Pardo on "Pleadings, Proof, and Judgment: A Unified Theory of Civil Litigation"

Michael S. Pardo (University of Alabama School of Law) has a new SSRN post on pleading standards: Pleadings, Proof, and Judgment: A Unified Theory of Civil Litigation, Boston College Law Review, Forthcoming/University of Alabama Public Law Research Paper. Here is the abstract:

The Supreme Court’s recent pleadings decisions – Bell Atlantic v. Twombly and Ashcroft v. Iqbal – have injected considerable chaos into the system of civil litigation. The decisions impose an uncertain “plausibility” requirement and appear to endorse an increased power of district courts to dismiss complaints, a power that may be employed in an unprincipled, normatively problematic manner. The current pleading issues resemble similar issues that have arisen with summary judgment and judgment as a matter. With the latter devices, an unclear “reasonable jury” standard has likewise failed to guide judicial applications in a principled manner and has lead to criticisms that the unconstrained power it gives judges to terminate lawsuits has lead to normatively problematic consequences. The scholarly debates regarding pleadings – like the debates regarding summary judgment and judgment as a matter of law – have revolved around a tension between the related concerns for access to courts, participation values, jury rights, and the risk of eliminating meritorious lawsuits, on one hand, and the concerns for efficiency, in terrorem settlements, and meritless lawsuits, on the other hand.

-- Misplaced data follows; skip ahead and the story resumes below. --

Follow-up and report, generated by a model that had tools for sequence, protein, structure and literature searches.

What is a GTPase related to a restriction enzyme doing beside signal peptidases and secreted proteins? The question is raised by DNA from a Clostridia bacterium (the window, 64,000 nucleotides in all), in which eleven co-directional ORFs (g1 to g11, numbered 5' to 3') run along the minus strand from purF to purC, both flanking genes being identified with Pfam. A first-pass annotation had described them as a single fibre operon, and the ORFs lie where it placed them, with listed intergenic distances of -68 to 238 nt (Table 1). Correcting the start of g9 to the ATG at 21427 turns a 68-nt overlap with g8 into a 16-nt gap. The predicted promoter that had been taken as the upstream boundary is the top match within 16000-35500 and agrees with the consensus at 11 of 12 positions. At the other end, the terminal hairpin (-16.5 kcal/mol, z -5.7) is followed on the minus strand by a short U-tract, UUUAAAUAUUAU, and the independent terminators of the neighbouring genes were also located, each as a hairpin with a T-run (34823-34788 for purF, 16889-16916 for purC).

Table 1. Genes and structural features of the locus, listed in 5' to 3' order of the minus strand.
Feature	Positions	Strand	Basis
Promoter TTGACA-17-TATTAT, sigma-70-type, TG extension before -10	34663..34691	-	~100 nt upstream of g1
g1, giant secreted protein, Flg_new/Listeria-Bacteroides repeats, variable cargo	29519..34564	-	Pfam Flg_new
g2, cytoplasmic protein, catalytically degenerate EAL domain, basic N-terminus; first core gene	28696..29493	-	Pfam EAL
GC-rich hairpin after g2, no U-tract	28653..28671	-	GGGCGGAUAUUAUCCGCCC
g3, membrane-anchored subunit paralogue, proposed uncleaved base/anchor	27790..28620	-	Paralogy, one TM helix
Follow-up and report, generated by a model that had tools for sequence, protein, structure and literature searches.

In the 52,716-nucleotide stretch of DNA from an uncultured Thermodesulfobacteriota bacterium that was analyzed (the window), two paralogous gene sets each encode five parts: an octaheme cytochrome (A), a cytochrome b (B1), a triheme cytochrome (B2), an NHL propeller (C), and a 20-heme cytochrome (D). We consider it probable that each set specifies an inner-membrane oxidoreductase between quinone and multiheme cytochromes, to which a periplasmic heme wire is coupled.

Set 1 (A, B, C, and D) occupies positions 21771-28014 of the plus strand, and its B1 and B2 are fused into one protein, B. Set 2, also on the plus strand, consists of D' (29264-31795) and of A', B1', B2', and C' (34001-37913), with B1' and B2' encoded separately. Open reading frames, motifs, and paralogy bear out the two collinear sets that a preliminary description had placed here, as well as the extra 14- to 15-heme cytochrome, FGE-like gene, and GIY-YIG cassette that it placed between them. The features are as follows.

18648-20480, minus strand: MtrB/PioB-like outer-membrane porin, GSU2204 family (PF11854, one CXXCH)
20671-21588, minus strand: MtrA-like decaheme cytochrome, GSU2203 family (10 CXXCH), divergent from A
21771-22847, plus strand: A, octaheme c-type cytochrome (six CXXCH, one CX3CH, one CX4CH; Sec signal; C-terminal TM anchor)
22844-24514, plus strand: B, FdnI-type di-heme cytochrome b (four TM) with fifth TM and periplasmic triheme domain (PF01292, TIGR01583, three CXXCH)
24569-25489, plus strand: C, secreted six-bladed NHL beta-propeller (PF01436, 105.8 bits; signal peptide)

This Article argues that there has been a significant failure at both the doctrinal and theoretical levels to relate these three procedural devices to the evidentiary proof process in particular and the system of civil litigation as a whole. I argue that the standards for each device depend on the underlying proof process and understanding the requirements of that process is integral for understanding the devices and providing content to their standards. I introduce a theory of “procedural accuracy” that explains, clarifies, and provides content to the standards for each device by illustrating how each device serves an alignment function: i.e., they align (or ought to align) outcomes with the requirements of the proof rules. I also explain how the theory fits and explains important aspects of the doctrine for each device. Finally, and most importantly, I defend the theory and the standards it provides as normatively desirable in light of procedural values that underlie the system of civil litigation as a whole.

 

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